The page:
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Spatial ecology of wild canids in a silvicultural landscape on State of São Paulo

Grant number: 11/22910-3
Support type:Scholarships in Brazil - Doctorate
Effective date (Start): August 01, 2012
Effective date (End): March 16, 2017
Field of knowledge:Biological Sciences - Ecology
Principal Investigator:Plínio Barbosa de Camargo
Grantee:Thaís Rovere Diniz Reis
Home Institution: Centro de Energia Nuclear na Agricultura (CENA). Universidade de São Paulo (USP). Piracicaba , SP, Brazil
Associated research grant:06/60954-4 - Socio-environmental changes in the state of São Paulo and perspectives for conservation, AP.BTA.TEM
Associated scholarship(s):15/15110-1 - The Maned Wolf's food web in agricultural landscape revealed by stable isotopes, BE.EP.DR

Abstract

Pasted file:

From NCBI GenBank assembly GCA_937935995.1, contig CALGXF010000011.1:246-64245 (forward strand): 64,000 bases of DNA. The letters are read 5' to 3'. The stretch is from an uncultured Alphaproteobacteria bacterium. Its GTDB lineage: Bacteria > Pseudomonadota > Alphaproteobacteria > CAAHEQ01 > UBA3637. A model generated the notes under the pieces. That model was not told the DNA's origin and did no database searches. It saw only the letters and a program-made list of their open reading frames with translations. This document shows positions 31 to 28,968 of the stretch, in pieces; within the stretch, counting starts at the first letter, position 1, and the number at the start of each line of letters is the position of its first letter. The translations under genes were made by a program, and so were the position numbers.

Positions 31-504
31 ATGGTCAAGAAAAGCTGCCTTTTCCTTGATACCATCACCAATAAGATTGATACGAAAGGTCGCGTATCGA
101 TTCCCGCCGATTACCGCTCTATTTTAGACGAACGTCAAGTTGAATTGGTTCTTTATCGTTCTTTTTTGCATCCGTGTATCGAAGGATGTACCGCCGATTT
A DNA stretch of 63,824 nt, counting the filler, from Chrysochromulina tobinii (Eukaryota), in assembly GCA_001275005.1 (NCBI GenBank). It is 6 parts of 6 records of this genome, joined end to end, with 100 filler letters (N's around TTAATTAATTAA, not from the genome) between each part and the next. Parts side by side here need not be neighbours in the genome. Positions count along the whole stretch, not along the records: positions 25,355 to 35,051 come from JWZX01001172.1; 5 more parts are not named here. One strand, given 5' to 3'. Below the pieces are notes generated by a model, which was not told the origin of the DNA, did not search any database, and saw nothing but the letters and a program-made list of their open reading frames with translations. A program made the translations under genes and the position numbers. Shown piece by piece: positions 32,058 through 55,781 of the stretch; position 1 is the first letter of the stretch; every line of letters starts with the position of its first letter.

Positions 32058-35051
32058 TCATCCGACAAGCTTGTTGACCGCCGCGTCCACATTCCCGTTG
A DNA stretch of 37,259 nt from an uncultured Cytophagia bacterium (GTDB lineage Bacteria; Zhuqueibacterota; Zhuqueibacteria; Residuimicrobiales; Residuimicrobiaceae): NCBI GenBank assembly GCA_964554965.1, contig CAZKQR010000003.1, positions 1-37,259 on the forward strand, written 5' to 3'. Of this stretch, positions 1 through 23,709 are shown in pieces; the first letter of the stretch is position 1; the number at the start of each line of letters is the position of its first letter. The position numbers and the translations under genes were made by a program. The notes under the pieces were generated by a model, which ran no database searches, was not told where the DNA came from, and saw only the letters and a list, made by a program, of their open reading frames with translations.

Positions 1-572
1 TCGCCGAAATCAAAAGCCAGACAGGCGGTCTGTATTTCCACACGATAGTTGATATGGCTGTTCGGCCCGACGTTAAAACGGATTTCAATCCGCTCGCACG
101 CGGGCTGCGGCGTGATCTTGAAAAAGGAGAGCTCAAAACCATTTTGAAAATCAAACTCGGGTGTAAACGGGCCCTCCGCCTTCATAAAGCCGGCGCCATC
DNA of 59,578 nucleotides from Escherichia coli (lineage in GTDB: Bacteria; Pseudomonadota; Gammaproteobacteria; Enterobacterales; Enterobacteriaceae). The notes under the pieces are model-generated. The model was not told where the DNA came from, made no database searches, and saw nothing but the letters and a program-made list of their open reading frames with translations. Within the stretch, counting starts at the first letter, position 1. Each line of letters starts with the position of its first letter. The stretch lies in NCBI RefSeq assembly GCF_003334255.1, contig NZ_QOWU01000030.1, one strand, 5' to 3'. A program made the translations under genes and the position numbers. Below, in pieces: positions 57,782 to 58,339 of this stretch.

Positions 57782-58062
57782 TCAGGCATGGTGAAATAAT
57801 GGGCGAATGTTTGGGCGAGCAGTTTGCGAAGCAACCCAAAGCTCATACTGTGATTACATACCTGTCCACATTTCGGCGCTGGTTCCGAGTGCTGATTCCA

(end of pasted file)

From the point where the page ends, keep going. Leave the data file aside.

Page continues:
Among the transformation of native areas in landscapes mainly formed by large commercial exotic monocultures, a drastic reduction of natural environments occurred leading to extinction of several wild species. Despite this fact, a considerable number of species still survives in these new landscapes. Information of how animals inhabits these areas is still scarce, mainly of how they use these exotic matrices, i.e., if they only go through matrix to move between native fragments or if they also use it as habitat. It´s known, however, that its conservation depends on the correct management of these areas, what must incorporate commercial components as well as biodiversity conservation. Considering the time and resources scarcity for ecological studies to design those management plans, it is necessary to select key-species, as wild canids (Order Carnivora), and areas with representative historical land-use, as Angatuba (SP), which represents the spatio-historical land exploration of the state of São Paulo. Therefore, this thesis aim to analyze patterns in use of space by three species of wild canids in a silvicultural landscape in São Paulo. It is going to be used radiotelemetry, for calculation of home ranges and spacio-temporal movements in the various environments of these landscape, and isotopic analyses of predators' tissues, to diet reconstruction historically identifying consumption of prey from different environments in agricultural landscape.